Ultimate Passing Guide & Tips In Rocket League

In this piece, Lofty explores the best ways to pass in Rocket League, giving you his top tips for moving the ball around within the game…

There are multiple reasons to pass the ball in Rocket League. It might appear as a selfless act at first but, when it’s all said and done, the aim of the game is to score points against your opponents.

Passing will help you win more. Anything that can make scoring easier in this meta where defenders are so good at saving 1vs1 shots however they’re taken, understanding how to pass effectively is going to make your life a lot easier. 

You can create easier and better shooting opportunities for your team with an effective pass. Utilise your teammates and build trust in order to create easier goals, especially in 2 on 1 scenario.

Intentional passing in Rocket League

Before we start breaking down any aspects of passing in this guide, let’s just define what a pass is, so we are all on the same page:

Noun: (in sports) an act of kicking, hitting, or throwing the ball to another player.

It’s safe to assume that this is exactly the same for esports and Rocket League. As the dictionary definition suggests, it’s fairly clear that passing needs to be intentional and thought out.

Technically speaking, you can’t call those missed shots a ‘pass’ because it happens to land perfectly for your teammate. Similar for 50/50s or for boomers. Of course, they could result in a pass but if we’re going to officially count it as a pass it does need to be intentional.

Sometimes, only you will know if it was intentional or not, so keep true to yourself as that will be an important aspect of improving your passing skills.

To pass effectively you will have to understand some fundamentals. In this guide, I will explain and break down these fundamentals in a way that should be useful to every rank of rocket League.

The Rocket League passing fundamentals are as follows: 

  • Passing Awareness: Understanding where my teammates are, knowing how to use them, understanding when is a good time to pass to them and how to use back board, midfield and unconventional passes.
  • Utilising Space: Understanding how to position to receive a pass and understanding passing lanes. 
  • Mechanical Passing: Leading the pass and shooting redirects. 
  • Defending Against Passing: Trying to position yourself so you cover all options and how you with your team should focus on dealing with passes.

Okay, now we’re all caught up, let’s break this down into more detail.

Passing awareness

Passing awareness is understanding when you have a passing opportunity.

This requires thinking and understanding of what the potential is for making the pass in the first place. Many hours of gameplay and experience will certainly help with this, but even then, a huge part of it is knowing that you and your teammates are on the same page.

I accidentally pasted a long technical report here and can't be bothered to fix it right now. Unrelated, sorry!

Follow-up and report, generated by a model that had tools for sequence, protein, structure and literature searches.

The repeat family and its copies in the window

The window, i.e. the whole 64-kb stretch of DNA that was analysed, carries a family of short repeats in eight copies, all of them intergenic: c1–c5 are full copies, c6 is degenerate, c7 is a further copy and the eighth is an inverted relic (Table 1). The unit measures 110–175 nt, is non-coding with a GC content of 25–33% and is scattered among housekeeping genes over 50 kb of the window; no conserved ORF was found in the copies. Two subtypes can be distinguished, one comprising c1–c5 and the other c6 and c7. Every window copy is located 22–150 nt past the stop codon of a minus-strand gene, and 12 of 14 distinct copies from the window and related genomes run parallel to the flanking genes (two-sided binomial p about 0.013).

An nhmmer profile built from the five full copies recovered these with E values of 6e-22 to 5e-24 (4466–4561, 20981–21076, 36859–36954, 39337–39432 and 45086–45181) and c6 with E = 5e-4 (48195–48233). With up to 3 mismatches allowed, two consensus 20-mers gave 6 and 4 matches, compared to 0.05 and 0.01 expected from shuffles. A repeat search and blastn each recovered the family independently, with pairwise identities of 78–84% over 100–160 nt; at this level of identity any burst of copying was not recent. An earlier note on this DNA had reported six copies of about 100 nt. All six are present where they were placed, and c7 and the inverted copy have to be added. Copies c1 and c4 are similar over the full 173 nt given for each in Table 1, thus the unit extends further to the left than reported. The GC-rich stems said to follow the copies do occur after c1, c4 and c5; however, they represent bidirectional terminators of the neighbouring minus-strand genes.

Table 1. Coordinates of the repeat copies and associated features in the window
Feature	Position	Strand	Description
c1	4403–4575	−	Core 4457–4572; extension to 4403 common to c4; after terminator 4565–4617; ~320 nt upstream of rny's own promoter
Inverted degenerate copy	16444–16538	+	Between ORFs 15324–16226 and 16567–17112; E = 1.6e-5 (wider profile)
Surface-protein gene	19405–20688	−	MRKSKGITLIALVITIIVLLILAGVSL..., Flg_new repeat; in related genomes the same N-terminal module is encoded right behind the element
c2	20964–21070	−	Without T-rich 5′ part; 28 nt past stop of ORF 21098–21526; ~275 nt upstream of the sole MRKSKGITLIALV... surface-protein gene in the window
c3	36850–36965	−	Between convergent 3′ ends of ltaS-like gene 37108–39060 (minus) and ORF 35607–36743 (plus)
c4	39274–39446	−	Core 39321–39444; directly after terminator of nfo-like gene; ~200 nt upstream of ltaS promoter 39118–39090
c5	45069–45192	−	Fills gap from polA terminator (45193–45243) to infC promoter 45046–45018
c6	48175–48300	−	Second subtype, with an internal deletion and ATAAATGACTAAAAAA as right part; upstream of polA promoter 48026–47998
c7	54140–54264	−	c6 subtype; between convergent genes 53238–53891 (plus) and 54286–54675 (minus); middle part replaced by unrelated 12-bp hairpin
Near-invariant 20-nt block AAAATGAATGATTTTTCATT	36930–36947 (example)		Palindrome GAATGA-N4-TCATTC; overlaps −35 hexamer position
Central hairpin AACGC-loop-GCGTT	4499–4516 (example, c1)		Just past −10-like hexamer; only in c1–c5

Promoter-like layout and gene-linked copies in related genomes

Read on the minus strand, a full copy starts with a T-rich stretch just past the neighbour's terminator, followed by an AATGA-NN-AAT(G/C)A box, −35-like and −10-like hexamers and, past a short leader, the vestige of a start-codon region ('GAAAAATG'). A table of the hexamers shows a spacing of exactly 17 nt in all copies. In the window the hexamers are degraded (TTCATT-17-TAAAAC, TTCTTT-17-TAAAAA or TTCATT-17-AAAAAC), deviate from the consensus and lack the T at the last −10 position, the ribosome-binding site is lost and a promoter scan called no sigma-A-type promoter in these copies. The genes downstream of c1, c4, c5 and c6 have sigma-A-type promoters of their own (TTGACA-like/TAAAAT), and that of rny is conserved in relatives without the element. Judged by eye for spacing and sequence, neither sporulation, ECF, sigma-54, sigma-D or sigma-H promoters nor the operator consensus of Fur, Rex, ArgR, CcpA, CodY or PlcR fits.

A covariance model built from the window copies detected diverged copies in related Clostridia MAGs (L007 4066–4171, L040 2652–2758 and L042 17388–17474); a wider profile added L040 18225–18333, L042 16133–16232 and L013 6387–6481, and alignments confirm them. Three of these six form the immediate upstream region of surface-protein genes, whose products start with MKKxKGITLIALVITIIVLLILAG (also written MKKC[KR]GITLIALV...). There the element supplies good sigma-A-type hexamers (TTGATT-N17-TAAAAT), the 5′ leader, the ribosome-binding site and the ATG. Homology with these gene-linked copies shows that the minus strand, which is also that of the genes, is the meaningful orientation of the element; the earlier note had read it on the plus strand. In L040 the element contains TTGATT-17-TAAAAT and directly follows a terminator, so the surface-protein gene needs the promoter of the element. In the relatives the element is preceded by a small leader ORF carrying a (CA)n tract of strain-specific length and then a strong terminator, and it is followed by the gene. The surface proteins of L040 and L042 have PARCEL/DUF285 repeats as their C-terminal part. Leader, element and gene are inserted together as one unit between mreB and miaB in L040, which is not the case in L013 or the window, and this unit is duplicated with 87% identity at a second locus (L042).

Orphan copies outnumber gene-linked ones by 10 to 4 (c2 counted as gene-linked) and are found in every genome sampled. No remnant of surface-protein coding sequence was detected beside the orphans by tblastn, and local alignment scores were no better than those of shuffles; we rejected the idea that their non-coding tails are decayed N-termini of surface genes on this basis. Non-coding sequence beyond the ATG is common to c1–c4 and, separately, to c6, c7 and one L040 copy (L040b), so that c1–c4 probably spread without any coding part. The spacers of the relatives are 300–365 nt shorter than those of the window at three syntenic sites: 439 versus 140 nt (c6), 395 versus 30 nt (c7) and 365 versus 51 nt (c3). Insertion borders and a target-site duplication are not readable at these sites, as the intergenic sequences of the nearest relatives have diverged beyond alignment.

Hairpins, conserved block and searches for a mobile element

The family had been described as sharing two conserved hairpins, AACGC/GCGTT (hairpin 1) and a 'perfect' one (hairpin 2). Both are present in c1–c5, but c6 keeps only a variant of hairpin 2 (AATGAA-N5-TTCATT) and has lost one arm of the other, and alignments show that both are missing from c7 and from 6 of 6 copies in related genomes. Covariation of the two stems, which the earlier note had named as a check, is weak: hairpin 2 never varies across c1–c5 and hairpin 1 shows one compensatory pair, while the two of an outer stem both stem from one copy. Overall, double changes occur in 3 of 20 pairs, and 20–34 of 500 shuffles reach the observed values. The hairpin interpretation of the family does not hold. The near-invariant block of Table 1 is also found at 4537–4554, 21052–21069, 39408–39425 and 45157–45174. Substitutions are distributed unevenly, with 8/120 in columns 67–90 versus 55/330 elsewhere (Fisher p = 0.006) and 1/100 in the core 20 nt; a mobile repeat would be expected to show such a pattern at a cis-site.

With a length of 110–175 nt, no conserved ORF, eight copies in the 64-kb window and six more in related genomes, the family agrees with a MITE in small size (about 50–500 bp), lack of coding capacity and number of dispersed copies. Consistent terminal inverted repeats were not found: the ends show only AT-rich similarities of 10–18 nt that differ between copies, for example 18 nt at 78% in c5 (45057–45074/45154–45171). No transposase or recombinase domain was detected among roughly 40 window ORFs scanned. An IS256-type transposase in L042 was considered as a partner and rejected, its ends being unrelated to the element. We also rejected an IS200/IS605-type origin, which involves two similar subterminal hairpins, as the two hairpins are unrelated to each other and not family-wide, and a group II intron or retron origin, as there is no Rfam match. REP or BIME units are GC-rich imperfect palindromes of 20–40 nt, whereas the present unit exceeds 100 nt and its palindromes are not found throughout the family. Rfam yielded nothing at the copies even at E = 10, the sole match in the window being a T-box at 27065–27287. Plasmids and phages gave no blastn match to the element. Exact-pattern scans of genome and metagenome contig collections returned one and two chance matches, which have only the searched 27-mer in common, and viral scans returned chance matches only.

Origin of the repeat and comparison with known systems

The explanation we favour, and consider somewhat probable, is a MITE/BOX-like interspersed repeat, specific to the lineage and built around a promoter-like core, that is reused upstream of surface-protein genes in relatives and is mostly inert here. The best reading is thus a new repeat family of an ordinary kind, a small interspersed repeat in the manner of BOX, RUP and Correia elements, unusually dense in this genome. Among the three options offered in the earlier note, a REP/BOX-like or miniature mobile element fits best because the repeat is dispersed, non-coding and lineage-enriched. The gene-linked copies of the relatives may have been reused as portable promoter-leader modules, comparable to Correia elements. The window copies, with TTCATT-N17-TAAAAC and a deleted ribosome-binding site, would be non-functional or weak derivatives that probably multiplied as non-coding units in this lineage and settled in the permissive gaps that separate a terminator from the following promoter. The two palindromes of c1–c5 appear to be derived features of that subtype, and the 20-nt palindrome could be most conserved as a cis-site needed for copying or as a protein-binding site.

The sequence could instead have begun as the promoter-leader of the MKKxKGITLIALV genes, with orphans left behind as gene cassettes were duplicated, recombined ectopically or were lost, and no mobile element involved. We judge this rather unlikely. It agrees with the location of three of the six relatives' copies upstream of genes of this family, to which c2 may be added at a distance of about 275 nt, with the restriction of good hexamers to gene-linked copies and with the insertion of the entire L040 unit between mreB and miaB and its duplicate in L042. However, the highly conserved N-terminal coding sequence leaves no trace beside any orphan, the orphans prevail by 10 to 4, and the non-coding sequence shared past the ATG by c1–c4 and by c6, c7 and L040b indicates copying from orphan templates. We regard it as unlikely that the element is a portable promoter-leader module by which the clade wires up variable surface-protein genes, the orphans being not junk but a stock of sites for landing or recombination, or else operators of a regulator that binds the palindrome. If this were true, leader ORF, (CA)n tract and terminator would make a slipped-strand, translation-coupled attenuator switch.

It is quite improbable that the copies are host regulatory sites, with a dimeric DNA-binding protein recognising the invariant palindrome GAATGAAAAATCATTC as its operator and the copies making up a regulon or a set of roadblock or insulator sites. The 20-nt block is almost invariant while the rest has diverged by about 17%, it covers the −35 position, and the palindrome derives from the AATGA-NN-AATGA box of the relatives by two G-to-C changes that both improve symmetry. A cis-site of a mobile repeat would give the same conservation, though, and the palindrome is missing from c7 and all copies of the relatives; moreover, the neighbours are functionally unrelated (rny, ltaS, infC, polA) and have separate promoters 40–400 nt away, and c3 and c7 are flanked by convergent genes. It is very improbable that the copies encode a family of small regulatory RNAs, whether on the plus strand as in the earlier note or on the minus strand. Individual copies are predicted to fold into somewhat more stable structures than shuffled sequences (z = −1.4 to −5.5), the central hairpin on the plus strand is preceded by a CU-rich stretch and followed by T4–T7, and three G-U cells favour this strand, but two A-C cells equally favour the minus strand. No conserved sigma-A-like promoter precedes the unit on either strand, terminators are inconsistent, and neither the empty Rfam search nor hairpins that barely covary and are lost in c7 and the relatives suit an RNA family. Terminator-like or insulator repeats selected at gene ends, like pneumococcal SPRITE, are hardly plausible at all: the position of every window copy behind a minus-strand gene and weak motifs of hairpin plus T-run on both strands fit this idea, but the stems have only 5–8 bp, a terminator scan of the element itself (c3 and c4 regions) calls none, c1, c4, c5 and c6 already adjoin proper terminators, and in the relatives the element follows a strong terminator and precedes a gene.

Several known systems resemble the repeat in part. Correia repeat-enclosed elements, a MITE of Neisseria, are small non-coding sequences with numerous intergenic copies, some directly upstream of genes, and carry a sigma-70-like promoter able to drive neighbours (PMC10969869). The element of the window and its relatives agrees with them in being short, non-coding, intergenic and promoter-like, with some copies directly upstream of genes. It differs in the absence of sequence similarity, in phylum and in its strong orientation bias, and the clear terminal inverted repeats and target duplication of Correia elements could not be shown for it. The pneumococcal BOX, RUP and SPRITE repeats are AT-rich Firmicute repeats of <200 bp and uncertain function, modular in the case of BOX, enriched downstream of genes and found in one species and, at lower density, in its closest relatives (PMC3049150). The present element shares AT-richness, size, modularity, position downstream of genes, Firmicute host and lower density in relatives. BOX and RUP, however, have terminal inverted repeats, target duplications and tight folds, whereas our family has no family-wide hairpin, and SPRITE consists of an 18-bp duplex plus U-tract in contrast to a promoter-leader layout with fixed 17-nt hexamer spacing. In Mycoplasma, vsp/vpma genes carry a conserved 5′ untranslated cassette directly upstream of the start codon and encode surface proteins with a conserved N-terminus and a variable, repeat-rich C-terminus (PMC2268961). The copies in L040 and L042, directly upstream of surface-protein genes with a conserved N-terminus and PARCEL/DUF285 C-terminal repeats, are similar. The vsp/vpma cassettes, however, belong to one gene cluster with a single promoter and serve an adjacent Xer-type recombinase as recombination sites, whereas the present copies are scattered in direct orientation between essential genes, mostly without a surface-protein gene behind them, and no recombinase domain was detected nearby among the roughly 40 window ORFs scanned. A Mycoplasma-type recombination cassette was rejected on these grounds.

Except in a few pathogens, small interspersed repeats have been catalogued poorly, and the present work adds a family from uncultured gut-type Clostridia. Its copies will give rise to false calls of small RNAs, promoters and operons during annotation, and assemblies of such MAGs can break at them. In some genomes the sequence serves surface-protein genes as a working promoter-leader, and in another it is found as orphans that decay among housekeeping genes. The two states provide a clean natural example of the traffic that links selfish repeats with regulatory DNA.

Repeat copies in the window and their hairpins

There will be different ways that you can increase the chances of a successful pass. These split up into 3 areas:

  • Knowing your team: This means that you know that you can attempt the pass because you know your teammate will actually be going for it. It also means that you won’t have to follow up and can start rotating back. This confidence will naturally make you think and become more aware of the opportunity.
  • Knowing the timing: Sometimes passing is the wrong decision. Being aware that you should keep possession is key. At other times, passing is the right decision but delaying it by a second might make all the difference. For example, it might help free up some space in the centre by drawing out one or two of the defenders. The result of this could be leaving your teammate with just one defender to deal with, or, even better, an open net.
  • Knowing the type of pass: There are plenty of pass types and each of them has their advantages and disadvantages. This could be an entirely separate article but to give it an overview: backboard passing and infield passing are the most popular as they’re difficult to predict and defend against. Other types of passing such as ground fast passing are great but require a lot of mechanical ability and speed to make them effective.

Utilising space

Rocket League is particularly fast-paced, especially when you compare to a traditional sport such as soccer. The length of the match is shorter, the speed of the game is faster and the most important, the size of the gameplay area is far smaller. This condenses all the action into a short action-packed match.

When thinking about space, there are 3 outcomes, if done correctly: